A very nordic take on ski­ing

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city, Ber­gen, by train and shut­tle bus, but de­spite the easy com­mute, the pistes are supremely quiet.

They spread out be­low as we slide up­wards, a to­tal 30km of beau­ti­fully groomed runs and nine lifts be­ly­ing the ex­tent of the ski area, since there’s so much space be­tween pistes. The low num­bers also hide a wealth of am­bi­tion in this youth­ful re­sort. It was only founded in 2003, when lo­cal in­vestors got to­gether with a steadyas-you-go grand plan, in­spired by an am­ple av­er­age snow­fall of 18 to 24m, and prox­im­ity to Ber­gen and the bet­ter-known ski town of Voss. A four-star ho­tel opened in 2012; more lifts, pistes, shops and ac­com­mo­da­tion are all in the works.

Our up­hill jour­ney to the Finnbunuten peak at 1,358m is an un­in­tim­i­dat­ing tour for learn­ers, a gen­tly slop­ing climb, no edgy dropoffs. The low alti­tude makes it easy on the lungs, too, but when we ar­rive at the top it still feels like an achieve­ment. The views help – the ho­tel and a ter­rain park mark the foot of the slopes, and snowy-roofed cab­ins line the pistes, all dwarfed by the all-en­com­pass­ing white.

The de­scent is a sur­prise after the soft mounds of the as­cent. In­struc­tor- guide Si­mon leads us down un­ex­pected steep­ness off-piste, be­fore we cruise late-af­ter­noon piste empti­ness to the door of the ho­tel.

Our stay in Myrk­dalen marks the start of a two-cen­tre, four-night Freeride the Fjords pack­age or­gan­ised by the re­sort, com­bin­ing two thor­oughly ex­cit­ing words as far as I’m con­cerned, as well as trav­el­ling by boat and train to a ski ho­tel only ac­ces­si­ble by rail.

The jour­ney to our sec­ond port of call is along the Un­esco-rated Naeroyfjord. The boat is full of tourists of all na­tion­al­i­ties but we are the only ones haul­ing ski bags on board, us­ing the two-hour cruise to the small town of Flam as a trans­fer to freeride fun.

Nor­way and fjords. I’d seen the pho­tos (who hasn’t), read about their ge­og­ra­phy, but un­til we got on board Vi­sion of the Fjords at the port of Gud­van­gen, a short drive from Myrk­dalen, I couldn’t un­der­stand their majesty.

Dark 4,600ft cliffs topped with white drop into even darker wa­ters, still and mes­meris­ing. Every­one on board is click­ing cam­eras, tour­ing the decks to gaze and point, chat­ter and gasp. But for me, the power of the land­scape, the huge, some­times Myrk­dalen has two Freeride the Fjords trips in 2019, March 27-31 and April 3-7, in­clud­ing two catered nights in Myrk­dalen with lift pass and two in Vat­na­halsen. Prices start at NOK8,705 (around £800). Find out more at myrk­dalen.no/ en/freeride-the­fjords. Pack­ages with­out ski guid­ing from NOK5,560 (around £515). Find out more about the re­gion at vis­it­nor­way. com and fjord­nor­way.com. For more about ski­ing in Nor­way, see nor­way­home of­ski­ing.com. frozen, some­times thun­der­ing wa­ter­falls, pic­turesque vil­lages and smooth empty wa­ters shut out all hu­man noise. It’s cold, the wind is whip­ping, but I stand, half hyp­no­tised at the prow, watch­ing, all the way to Flam.

Here, along with other pas­sen­gers from the boat, we board the Flams­bana train, its car­riages il­lus­trated with sym­bols of at­trac­tions en route, from fish­ing and wa­ter­falls to ski­ing, at our des­ti­na­tion, Vat­na­halsen. It trans­ports us through rocky empti­ness, past lakes and cliffs, cling­ing to pre­cip­i­tous edges and click­ity-clack­ing un­der re­in­force­ments that look like some­thing used in a West­ern movie to shore up a mine.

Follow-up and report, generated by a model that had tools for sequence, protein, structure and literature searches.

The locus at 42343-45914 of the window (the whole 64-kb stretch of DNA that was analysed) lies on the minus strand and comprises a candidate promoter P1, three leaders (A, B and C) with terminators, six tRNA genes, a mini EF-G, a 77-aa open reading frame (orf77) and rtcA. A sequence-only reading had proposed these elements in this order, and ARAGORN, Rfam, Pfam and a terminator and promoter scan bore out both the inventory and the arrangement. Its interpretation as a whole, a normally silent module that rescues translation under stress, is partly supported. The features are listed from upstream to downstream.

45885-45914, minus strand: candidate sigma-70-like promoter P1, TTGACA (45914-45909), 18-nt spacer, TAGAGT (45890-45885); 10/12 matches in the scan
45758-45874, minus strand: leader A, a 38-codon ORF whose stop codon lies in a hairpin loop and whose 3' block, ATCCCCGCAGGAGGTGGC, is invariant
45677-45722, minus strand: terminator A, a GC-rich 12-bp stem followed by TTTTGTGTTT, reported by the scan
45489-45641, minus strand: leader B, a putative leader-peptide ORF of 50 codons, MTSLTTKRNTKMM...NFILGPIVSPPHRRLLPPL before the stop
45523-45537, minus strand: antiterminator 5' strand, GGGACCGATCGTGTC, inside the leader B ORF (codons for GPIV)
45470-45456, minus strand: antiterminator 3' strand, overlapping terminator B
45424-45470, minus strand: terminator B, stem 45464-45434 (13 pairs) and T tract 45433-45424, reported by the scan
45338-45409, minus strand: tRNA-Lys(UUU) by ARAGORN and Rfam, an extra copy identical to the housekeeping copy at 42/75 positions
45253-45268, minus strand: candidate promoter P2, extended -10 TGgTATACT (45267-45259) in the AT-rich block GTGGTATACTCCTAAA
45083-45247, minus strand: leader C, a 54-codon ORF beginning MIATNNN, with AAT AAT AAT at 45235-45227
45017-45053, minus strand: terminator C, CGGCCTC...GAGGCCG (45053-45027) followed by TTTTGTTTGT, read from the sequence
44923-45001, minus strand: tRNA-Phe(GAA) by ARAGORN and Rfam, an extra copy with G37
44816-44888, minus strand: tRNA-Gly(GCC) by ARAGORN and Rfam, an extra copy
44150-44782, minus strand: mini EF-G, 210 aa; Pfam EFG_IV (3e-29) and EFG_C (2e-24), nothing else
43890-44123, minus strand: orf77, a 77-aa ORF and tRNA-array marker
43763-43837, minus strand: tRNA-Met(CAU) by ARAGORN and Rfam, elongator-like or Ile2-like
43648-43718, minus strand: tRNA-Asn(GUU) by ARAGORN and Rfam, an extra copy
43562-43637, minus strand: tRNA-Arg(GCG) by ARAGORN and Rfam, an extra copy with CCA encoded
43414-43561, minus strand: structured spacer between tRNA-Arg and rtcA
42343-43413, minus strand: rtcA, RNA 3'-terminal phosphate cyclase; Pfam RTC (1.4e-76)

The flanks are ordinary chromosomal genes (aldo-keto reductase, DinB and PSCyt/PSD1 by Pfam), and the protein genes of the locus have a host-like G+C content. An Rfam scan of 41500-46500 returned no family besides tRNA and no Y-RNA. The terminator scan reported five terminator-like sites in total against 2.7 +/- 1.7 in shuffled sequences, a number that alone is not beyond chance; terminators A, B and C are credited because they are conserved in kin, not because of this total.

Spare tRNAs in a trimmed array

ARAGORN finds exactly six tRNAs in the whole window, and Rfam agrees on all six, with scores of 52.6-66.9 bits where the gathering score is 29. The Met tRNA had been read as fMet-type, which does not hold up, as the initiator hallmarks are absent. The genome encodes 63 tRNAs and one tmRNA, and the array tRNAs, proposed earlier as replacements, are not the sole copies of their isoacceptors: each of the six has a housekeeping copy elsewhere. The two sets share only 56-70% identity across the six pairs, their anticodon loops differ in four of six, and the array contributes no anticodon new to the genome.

Vat­na­halsen is the last stop be­fore the Flams­bana reaches Myrdal on the main Oslo to Ber­gen rail­way line. We’re so near to a ma­jor trans­port route, yet so far. As the train pulls out, the seven of us are the only ones left on the plat­form, greeted by a wall of snow and be­hind it just the ho­tel, with skiers sit­ting out in the late af­ter­noon sun.

Al­though it was built as a sana­to­rium in 1896 and be­came a ski des­ti­na­tion in the early 20th cen­tury, the ho­tel fell out of favour as re­sorts with lifts took over. But then Pet­ter An­dresen, a man with as much vi­sion as those in­vestors in Myrk­dalen, re­alised it was the per­fect venue for ski tour­ing. Three years ago, he teamed up with the Ak­snes fam­ily, who own the ho­tel, and made it his mis­sion to put Vat­na­halsen back on the ski map.

In­side, I fall in love with its quirk­ily dec­o­rated liv­ing rooms and re­laxed at­mos­phere, where ski prac­ti­cal­ity blends eas­ily with com­fort. The spa­cious bed­rooms have big en-suite bath­rooms, plen­ti­ful hot wa­ter and lux­u­ri­ous L:A Bruket toi­letries. There’s a sauna, and views over a frozen lake, sur­rounded by moun­tains just cry­ing out to be skied on.

The ho­tel does have one ski lift, ser­vic­ing a short run for train­ing, or chil­dren, and there’s also crosscoun­try ski­ing on the lake. But the main event is ski tour­ing over the moun­tains sur­round­ing it.

Myrk­dalen’s Freeride the Fjords pack­age in­cludes the ser­vices of a moun­tain guide and we set out early in the morn­ing with ours, Roald Lande, aim­ing for the 1,700m peak of Try­vann, which in­volves a ski­tour­ing climb of around 900m. The route up is not too steep, but that doesn’t make the two-hour as­cent easy, with Roald set­ting a crack­ing pace to make sure con­di­tions will still be good on the de­scent.

The ef­fort is so worth it, both for the joy of reach­ing the top, for the beau­ti­ful fresh-track de­scent on snow that’s soft­ened just enough to make turns swishily cruisy and easy. And then there are the views over that rolling land­scape, and the dis­tinc­tive land­mark of the red Vat­na­halsen ho­tel, where I know there are freshly made waf­fles, com­ing ever closer.

Myrk­dalen, main; the train jour­ney, be­low; Vat­na­halsen, be­low right

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